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Following a positive breast cancer test, many women are prescribed the drug Tamoxifen. While this medication is effective in the majority of cases and is considered the primary weapon in the fight against breast cancer, it has little impact on the tumor of some women with the condition.
However, a new study suggests that adding a chemotherapy drug commonly used in leukemia treatments may make drug-resistant breast cancer more responsive to standard therapies.
Most cases of breast cancer are known as estrogen receptor-positive. This is the variety that responds to Tamoxifen. However, up to 35 percent are estrogen receptor-negative, which makes the cancer more difficult to treat.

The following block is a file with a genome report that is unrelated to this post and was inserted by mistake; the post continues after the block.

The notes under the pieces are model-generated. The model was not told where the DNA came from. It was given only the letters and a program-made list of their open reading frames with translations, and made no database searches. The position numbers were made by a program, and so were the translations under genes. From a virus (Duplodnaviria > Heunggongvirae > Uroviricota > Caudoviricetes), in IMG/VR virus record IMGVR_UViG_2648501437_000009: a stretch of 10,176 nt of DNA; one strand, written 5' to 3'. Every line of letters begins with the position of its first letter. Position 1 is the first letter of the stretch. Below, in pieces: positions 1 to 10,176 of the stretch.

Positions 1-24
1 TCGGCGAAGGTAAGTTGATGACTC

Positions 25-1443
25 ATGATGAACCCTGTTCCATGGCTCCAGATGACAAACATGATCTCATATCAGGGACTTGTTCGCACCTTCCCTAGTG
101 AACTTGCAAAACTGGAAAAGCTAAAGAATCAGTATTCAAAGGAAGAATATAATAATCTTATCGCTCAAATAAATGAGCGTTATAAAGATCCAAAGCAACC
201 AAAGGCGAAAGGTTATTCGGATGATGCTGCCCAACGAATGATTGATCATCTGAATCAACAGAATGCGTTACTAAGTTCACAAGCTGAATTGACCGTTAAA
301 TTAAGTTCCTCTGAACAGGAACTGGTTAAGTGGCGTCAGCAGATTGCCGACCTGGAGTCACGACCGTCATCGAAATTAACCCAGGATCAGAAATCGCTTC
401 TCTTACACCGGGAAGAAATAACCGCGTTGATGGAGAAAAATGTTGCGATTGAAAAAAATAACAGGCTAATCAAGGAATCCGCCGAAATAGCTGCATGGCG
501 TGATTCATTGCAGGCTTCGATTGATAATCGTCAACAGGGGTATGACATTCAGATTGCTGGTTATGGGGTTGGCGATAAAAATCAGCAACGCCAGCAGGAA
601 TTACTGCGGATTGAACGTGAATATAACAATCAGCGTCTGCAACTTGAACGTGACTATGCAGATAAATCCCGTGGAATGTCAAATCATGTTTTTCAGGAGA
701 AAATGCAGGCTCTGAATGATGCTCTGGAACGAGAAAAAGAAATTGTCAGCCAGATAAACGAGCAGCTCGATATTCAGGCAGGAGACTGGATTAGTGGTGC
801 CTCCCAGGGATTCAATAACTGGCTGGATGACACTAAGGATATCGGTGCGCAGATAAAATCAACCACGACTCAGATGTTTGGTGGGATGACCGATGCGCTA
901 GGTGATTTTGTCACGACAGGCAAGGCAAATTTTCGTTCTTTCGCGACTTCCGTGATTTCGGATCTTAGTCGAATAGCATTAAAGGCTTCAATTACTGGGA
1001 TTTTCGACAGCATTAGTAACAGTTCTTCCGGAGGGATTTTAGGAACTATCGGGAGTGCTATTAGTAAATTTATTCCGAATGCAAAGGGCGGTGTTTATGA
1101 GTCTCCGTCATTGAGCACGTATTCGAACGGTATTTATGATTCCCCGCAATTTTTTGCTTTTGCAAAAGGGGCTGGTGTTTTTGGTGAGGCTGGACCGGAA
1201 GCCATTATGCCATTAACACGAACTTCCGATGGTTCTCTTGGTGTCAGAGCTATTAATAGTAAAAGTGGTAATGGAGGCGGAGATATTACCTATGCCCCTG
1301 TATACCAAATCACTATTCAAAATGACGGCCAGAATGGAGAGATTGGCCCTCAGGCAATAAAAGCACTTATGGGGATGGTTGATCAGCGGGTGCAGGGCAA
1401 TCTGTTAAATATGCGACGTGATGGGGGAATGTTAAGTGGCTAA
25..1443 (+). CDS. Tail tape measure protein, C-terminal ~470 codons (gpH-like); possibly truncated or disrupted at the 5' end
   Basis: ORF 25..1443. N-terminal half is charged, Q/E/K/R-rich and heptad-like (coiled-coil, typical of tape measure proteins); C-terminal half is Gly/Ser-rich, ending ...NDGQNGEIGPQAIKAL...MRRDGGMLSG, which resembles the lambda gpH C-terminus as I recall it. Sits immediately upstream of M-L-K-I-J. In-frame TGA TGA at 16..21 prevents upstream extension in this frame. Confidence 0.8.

Researchers from the Kimmel Cancer Center showed that the chemotherapy medication dasatinib eliminates an important fuel source used by estrogen receptor-negative breast cancer, which makes it more vulnerable to the effects of Tamoxifen.
The findings could lead to drastic improvements in the survival rates of these stubborn breast cancers.
“This opens up the door for possible new treatment strategies,” said Michael Lisanti, who led the investigation.
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